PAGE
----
The Blue School aims to adhere to the new art curriculum, to ensure that all pupils; produce creative work, exploring their ideas and recording their experiences, become proficient in drawing, painting, sculpture and other art, craft and design techniques, evaluate and analyse creative works using the language of art, craft and design, know about great artists, craft makers and designers, and understand the historical and cultural development of their art forms. By the end of each key stage, pupils are expected to know, apply and understand the matters, skills and processes specified in the relevant programme of study.

At The Blue School, children are given the opportunity to explore different artistic media and modelling materials from an early age and develop their creativity, as well as learning specific skills and techniques to enable them to undertake projects effectively. At The Blue school we aim to make Art and Design a stimulating and enjoyable experience. Children have access to a wide variety of resources and classrooms have an Art area which is well resourced with easy access to most materials.  Children begin to use a sketch book (Key Stage Two) to collect ideas and information, and to record observational work. They review their own and others’ work and be able to identify the work of artists, crafts people and designers. As pupils progress, they should be able to think critically and develop a more rigorous understanding of art and design. They should also know how art and design both reflect and shape our history, and contribute to the culture, creativity and wealth of our nation (National Curriculum, September 2013).

In Art and Design, children learn to respond to the work of different artists and explore a range of techniques and media using sketch books before applying their skills to their own pictures or three-dimensional work.  Local artists are involved where possible to support focus activities such as those leading up to whole school art exhibitions. 

Art is taught at least once a term for a block of usually six or seven weeks. This subject is rotated with DT. Work from every class is showcased to parents through a highly successful exhibition evening held every July.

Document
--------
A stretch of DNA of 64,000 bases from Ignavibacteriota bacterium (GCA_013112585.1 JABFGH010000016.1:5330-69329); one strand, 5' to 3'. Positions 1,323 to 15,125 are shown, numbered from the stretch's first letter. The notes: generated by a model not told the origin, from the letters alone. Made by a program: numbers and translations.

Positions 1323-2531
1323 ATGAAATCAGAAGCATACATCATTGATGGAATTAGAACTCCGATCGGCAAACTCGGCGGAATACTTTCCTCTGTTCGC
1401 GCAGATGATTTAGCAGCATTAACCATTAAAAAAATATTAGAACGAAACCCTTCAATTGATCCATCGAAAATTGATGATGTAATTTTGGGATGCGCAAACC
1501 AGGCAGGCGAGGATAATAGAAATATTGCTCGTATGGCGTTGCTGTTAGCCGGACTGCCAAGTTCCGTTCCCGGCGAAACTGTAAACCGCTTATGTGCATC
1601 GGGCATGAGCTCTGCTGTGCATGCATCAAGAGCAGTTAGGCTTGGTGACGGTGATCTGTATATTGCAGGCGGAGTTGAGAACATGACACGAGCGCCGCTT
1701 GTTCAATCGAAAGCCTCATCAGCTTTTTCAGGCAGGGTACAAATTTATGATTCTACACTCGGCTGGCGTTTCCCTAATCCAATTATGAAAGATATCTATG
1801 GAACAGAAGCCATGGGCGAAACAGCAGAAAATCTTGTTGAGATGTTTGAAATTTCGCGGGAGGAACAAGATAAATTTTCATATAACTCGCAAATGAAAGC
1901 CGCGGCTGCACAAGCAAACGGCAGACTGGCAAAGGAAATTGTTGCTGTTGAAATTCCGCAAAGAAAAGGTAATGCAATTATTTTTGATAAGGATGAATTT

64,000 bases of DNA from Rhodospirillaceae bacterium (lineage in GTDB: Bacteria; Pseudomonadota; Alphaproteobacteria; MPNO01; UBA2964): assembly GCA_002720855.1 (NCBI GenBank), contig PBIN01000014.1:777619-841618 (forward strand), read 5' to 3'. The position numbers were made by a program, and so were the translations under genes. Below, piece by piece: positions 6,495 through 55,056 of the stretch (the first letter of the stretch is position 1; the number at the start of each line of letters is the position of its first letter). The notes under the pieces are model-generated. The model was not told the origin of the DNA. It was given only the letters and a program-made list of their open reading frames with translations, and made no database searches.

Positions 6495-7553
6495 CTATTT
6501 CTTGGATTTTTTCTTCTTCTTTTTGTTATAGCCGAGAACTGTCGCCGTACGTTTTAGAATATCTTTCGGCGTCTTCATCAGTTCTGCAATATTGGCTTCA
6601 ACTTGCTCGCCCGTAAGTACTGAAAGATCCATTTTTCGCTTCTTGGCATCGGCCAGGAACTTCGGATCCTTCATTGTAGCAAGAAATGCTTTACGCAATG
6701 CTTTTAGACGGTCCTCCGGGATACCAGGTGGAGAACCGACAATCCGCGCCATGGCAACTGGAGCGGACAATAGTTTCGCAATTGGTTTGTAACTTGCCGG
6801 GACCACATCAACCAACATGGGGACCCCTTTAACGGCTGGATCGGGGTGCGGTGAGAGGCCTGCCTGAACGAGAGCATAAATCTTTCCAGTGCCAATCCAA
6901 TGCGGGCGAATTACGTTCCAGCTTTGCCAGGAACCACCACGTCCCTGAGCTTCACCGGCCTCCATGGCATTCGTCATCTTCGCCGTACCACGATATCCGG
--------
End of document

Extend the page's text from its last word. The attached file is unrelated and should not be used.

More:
In the early years we relate art activities to the world children live in. Children will be encouraged to use their imagination and express ideas through the use of a range of materials and suitable tools for designing and making. They are able to explore colour, texture, shape, form and space in natural and manmade objects, including resources from different cultures.

Art and Design at Key Stage One develops children’s creativity and imagination through art activities that relate to children’s own identity and experiences and the locality in which they live. Children will be given the opportunity to use colour, shape and space and to represent their own ideas and feelings. They will use a range of materials creatively to design and make products, to use drawing, painting and sculpture to develop and share their ideas, experiences and imagination, to develop a wide range of art and design techniques in using colour, pattern, texture, line, shape, form and space about the work of a range of artists, craft makers and designers, describing the differences and similarities between different practices and disciplines, and making links to their own work (National Curriculum, September 2013).

Art and Design at Key Stage Two is about developing children's creativity and imagination by building on their knowledge, skills and understanding of materials and processes through the provision of more complex activities. Children's experiences help them to develop their understanding of the diverse roles and functions of art and design in the locality and in the wider world. Children will be taught to develop their techniques, including their control and their use of materials, with creativity, experimentation and an increasing awareness of different kinds of art, craft and design. They will use sketch books to record their observations and use them to review and revisit ideas, to improve their mastery of art and design techniques, including drawing, painting and sculpture with a range of materials [for example, pencil, charcoal, paint, clay] about great artists, architects and designers in history (National Curriculum, September 2013).

In 2014, we linked with West Middlesex Hospital to form a community project. The children took part in a school competition to design artwork to be displayed at the hospital. The winning designs were then created by a large proportion of the school who all added to the artwork in some way. We look forward to developing art in the community in future projects.